Vice President Alhaji Aliu Mahama yesterday undertook a day's tour of parts of the Greater Accra and Eastern regions where he inspected development projects and interacted with the people.
Vice President Mahama's first stop was at the Odorgonno Secondary School in Accra where he inspected a 26.6 billion-cedi upgrading project that comprise two six-unit classroom blocks, a boys' dormitory and a dining hall.
He expressed concern about the slow pace of work by the contractor, Tass-Kalie Construction, working on the classroom blocks that started in 2003.
Addressing the enthusiastic students who were waving Ghana flags, he said the 64-year old school was being upgraded to the level of any elite educational facility in the country.
Vice President Mahama appealed to the students to capitalise on government's massive capital investments in the school by studying hard to achieve their set objectives. He said the Greater Accra Regional Minister, Sheikh Ibrahim Cudjoe Quaye, was a student of Odorgonno 50 years ago "and you can also become somebody in future if you study hard," he said.
Vice President Mahama also inspected a 24 billion-cedi upgrading project at Dodowa Secondary School that comprises two six-classroom blocks, home science and visual arts blocks, a library, a girls' dormitory and a dining hall. He inspected works on the 181 billion-cedis Pantang/Peduase road.
The dual carriage road that cuts through the Akwapim Hills would be asphalted and provided with streetlights, drains and 10 turning points. It would also be a vital link between Greater Accra and Eastern Regions.
Vice President Mahama expressed concern about the mining of chippings along the Aburi section of the road and called for public education to alert the culprits about the danger their practice pose to motorists and the project. He also paid a brief visit to Peduase Lodge where the rehabilitation works on the Presidential Lodge is expected to be completed in June.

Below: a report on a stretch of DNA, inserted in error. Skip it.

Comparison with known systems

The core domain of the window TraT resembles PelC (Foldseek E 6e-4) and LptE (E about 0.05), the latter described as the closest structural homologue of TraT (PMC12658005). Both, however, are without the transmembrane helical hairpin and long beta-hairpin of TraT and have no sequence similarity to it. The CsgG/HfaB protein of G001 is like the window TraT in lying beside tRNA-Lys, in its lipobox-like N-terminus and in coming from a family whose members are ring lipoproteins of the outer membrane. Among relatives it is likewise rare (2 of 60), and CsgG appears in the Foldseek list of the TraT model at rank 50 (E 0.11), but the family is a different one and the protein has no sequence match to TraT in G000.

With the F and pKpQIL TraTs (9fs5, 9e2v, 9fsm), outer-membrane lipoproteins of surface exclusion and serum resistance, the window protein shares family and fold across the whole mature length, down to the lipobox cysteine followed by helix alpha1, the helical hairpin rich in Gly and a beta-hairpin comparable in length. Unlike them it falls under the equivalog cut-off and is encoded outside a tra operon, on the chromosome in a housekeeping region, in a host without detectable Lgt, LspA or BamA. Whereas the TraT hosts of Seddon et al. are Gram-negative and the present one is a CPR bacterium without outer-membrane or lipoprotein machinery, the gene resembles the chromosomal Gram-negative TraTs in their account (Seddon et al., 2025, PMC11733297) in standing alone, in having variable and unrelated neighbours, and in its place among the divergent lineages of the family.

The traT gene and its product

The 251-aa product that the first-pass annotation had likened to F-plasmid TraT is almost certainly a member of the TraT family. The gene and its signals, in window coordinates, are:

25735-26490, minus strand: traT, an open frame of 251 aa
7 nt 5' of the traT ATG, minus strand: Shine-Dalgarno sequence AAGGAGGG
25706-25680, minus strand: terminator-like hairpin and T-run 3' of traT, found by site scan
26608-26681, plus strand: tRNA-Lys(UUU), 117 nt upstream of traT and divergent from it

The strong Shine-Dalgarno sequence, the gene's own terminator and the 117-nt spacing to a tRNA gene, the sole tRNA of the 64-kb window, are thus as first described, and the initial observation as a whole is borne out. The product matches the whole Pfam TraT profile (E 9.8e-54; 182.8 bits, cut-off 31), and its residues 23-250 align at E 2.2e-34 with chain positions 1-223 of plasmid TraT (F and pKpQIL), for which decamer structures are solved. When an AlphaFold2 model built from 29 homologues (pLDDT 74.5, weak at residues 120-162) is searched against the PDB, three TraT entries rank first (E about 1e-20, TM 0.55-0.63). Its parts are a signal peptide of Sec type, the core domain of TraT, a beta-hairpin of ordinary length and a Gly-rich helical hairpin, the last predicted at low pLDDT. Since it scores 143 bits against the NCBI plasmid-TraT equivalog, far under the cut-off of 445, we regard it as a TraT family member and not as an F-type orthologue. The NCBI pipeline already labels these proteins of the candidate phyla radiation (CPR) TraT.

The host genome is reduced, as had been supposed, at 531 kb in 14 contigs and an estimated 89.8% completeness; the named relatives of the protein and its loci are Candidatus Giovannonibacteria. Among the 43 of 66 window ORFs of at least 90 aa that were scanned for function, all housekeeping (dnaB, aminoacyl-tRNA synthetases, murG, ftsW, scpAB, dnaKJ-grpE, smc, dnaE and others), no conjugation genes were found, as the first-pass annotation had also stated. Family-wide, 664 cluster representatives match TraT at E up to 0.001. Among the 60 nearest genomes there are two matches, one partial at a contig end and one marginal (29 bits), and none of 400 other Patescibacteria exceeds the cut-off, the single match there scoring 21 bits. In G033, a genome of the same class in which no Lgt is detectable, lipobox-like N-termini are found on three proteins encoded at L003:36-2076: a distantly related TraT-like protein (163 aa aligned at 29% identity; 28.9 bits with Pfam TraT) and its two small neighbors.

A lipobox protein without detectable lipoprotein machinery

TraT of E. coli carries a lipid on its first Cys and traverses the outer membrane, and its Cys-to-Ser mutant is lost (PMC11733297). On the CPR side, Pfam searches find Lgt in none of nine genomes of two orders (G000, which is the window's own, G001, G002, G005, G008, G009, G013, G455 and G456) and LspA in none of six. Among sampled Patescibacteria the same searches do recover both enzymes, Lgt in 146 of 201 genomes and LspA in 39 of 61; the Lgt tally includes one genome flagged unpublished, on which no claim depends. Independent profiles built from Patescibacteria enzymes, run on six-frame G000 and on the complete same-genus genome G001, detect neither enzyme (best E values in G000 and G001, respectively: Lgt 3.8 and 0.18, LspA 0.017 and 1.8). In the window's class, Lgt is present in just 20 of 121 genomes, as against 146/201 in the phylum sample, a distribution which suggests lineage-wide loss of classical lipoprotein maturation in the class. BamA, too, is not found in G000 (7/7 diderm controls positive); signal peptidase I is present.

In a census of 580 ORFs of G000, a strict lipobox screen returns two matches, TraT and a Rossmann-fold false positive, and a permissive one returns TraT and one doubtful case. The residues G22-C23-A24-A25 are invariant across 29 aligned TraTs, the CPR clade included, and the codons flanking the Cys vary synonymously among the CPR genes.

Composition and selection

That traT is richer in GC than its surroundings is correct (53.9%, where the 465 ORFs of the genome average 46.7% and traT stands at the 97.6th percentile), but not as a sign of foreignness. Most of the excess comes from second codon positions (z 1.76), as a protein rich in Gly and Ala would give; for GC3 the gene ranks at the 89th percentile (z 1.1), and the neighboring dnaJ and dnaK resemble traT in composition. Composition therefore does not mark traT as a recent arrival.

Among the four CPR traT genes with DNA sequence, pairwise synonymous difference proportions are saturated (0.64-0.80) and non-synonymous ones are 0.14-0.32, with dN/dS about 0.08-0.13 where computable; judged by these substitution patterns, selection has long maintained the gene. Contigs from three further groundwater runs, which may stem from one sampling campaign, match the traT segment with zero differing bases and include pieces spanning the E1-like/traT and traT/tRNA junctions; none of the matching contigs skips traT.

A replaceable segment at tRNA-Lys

Vice President Mahama also interacted with the chiefs and people of Mampong where the legendary farmer, Tetteh Quarshie, planted the first cocoa seeds he smuggled from Fernando Po in 1879.
He toured the 0.38 hectare cocoa farm of Tetteh Quarshie where the original cocoa seed he planted 127 years ago is still flourishing.
Vice President Mahama said the government had raised the national production level of cocoa from 350,000 metric tonnes to 740,000 metric tonnes. He said within three years Ghana was expecting to harvest one million metric tonnes of the cash crop.
Mr Kwadwo Baah-Wiredu, the Minister for Finance and Economic Planning, highlighted the relevance of a model cocoa farm established by the government at Obunso, near Mampong, as part of the country's Golden Jubilee Independence Celebrations to rake in one billion cedis to facilitate the National Youth Employment Programme.
He said the project he launched on March 10 would levy one million cedis on any person who plants a seed in the farm to have his or her name ascribed on a signpost to immortalise their memory.
Vice President Mahama, who visited the farm as part of his visit, was the seventh person to have planted the commemorative tree.